This winter’s offering from the Saatchi Gallery is a neat tandem of exhibitions tracing the development of contemporary Russian art from its unofficial first stirrings during the Communist period to the present day. The Soviet era section, entitled ‘Breaking the Ice’, spreads across the top floor, metaphorically opening the way for the artists exhibiting in the wide spaces below and physically inciting to iconoclasm. The post-breakage debris and the instrument of violence appear in a 1994 Ilya Kabakov installation where Socialist Realist canvases have been vandalised with an axe. Shards of glass litter the floor around gashed out paintings, but the perpetrator is absent. It is the artist, we are informed, who has destroyed his own works.
The violence is not always so literal. The first room of the exhibition focuses on the resurgence of abstract art in the 1960s. Works that to the western eye might appear old-fashioned were in fact quiet protests against the regime. As Rosalind Blakesley and Susan Reid have pointed out abstract art, even during the thaw, was seen to represent the ‘anti-human’ character of capitalist culture. Thus, the colourful abstractions of Lydia Masterkova or the brightly-lit kinetic sculpture of Francisco Infante act as rebellious tributes to the ‘bourgeois formalism’ of Goncharova or Rodchenko.
Looking to the past was also the technique employed by Oleg Tselkov and Oskar Rabin. Tselkov’s bloated, mask-like faces float about the canvas, recalling Pavel Filonov’s frighteningly dehumanised figures, now drenched in violent Fauvist colours. Rabin takes the Cubist still-life as inspiration and turns it into countless bleak representations of Moscow life. The newspaper fragment, that Cubist staple, becomes a powerful tool for protest through multi-layered world-plays: in the 1975 canvas ‘Nepravda’, the first syllable of ‘BEЧEPHЯЯ MOCKBA’ is obscured, grimly spelling out ‘black Moscow’.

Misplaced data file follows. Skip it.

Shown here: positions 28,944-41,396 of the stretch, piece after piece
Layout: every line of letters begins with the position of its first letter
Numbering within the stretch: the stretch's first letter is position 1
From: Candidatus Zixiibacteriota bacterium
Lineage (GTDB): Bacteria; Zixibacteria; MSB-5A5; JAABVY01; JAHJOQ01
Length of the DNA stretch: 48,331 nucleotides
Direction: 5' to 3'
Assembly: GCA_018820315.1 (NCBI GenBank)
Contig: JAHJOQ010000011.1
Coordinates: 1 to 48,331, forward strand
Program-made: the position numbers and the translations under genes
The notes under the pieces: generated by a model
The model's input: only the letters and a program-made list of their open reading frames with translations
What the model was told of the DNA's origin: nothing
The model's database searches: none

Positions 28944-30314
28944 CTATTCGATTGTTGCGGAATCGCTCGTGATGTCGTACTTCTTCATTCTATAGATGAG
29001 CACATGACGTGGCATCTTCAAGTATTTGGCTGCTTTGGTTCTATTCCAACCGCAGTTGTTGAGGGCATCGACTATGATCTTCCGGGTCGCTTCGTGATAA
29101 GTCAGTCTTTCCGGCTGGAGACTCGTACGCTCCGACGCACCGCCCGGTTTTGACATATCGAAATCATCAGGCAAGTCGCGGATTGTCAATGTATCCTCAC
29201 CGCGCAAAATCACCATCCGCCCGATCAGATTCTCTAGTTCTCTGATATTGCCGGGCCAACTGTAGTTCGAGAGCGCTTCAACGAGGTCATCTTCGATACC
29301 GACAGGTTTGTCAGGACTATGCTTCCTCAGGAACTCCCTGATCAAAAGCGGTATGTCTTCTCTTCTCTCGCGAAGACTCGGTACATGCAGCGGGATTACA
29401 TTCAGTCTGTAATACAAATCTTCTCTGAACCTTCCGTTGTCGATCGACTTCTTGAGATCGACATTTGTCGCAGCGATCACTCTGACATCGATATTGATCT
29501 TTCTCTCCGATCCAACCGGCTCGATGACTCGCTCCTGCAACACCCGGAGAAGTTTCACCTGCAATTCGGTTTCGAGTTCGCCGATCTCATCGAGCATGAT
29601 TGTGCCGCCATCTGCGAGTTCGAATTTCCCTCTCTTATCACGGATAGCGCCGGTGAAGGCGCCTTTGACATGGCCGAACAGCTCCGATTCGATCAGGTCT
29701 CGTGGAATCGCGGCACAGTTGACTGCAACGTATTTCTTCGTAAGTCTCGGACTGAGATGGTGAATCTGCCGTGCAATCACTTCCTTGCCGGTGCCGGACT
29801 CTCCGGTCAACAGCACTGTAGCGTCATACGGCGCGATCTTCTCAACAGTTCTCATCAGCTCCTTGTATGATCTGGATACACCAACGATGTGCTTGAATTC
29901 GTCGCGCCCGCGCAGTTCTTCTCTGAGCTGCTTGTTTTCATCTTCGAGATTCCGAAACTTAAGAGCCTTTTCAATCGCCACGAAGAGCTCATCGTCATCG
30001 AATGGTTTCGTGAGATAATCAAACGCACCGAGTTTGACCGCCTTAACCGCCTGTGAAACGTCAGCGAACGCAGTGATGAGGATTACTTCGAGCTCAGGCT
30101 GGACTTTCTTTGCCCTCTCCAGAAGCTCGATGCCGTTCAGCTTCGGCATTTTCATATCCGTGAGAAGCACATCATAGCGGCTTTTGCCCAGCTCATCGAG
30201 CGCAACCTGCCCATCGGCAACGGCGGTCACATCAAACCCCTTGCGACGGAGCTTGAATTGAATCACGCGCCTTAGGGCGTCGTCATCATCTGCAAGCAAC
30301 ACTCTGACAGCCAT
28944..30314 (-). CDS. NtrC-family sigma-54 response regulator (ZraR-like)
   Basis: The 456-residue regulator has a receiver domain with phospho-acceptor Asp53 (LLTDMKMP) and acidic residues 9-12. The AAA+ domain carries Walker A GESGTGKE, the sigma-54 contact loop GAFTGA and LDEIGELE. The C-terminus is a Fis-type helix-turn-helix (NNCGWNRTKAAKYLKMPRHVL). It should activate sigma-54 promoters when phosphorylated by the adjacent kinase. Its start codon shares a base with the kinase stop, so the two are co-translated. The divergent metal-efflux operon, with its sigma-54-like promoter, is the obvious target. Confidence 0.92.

The subtext of bleak repression can be found in the majority of the exhibits. Dmitri Krasnopevtsev paints a staircase that leads nowhere (‘The Staircase’, 1960) and a still life where even inanimate objects appear to be bound and gagged (‘Wrapped Objects’, 1963). Mikhail Roginsky’s take on Pop Art features a trompe l’oeil door that cannot open, while Erik Bulatov literally spells it out with his monumental ‘No Entrance’ canvas. Dmitri Prigov’s installations ‘Sky’ and ‘Window’ represent the world as a black void, in reference to Malevich no doubt, but also as an homage to Duchamp’s equally non-transparent ‘Fresh Widow’.
Other appropriations are more irreverent. Duchamp and Malevich meet again the Suprematist urinals of Alexander Kosolapov, cheekily entitled ‘Russian Revolutionary Porcelain’. Leonid Sokov remakes Lissitzky’s seminal ‘Beat the Whites with the Red Wedge’ poster in wood and tin, with ‘Glasnost’ as the new label for the wedge.
Indeed it is Sokov who, it seems to me, makes the most direct representation of the exhibition’s concept. His sculpture of a spindly Giacometti figure advancing towards a sturdy classical depiction of Lenin directly pits the artist against the system, the avant-garde against the conventional and the weak against the strong. That, in effect, is what ‘Breaking the Ice’ is all about.
BREAKING THE ICE: MOSCOW ART, 1960-80s
The Saatchi Gallery, London
21 Nov 2012 – 24 Feb 2013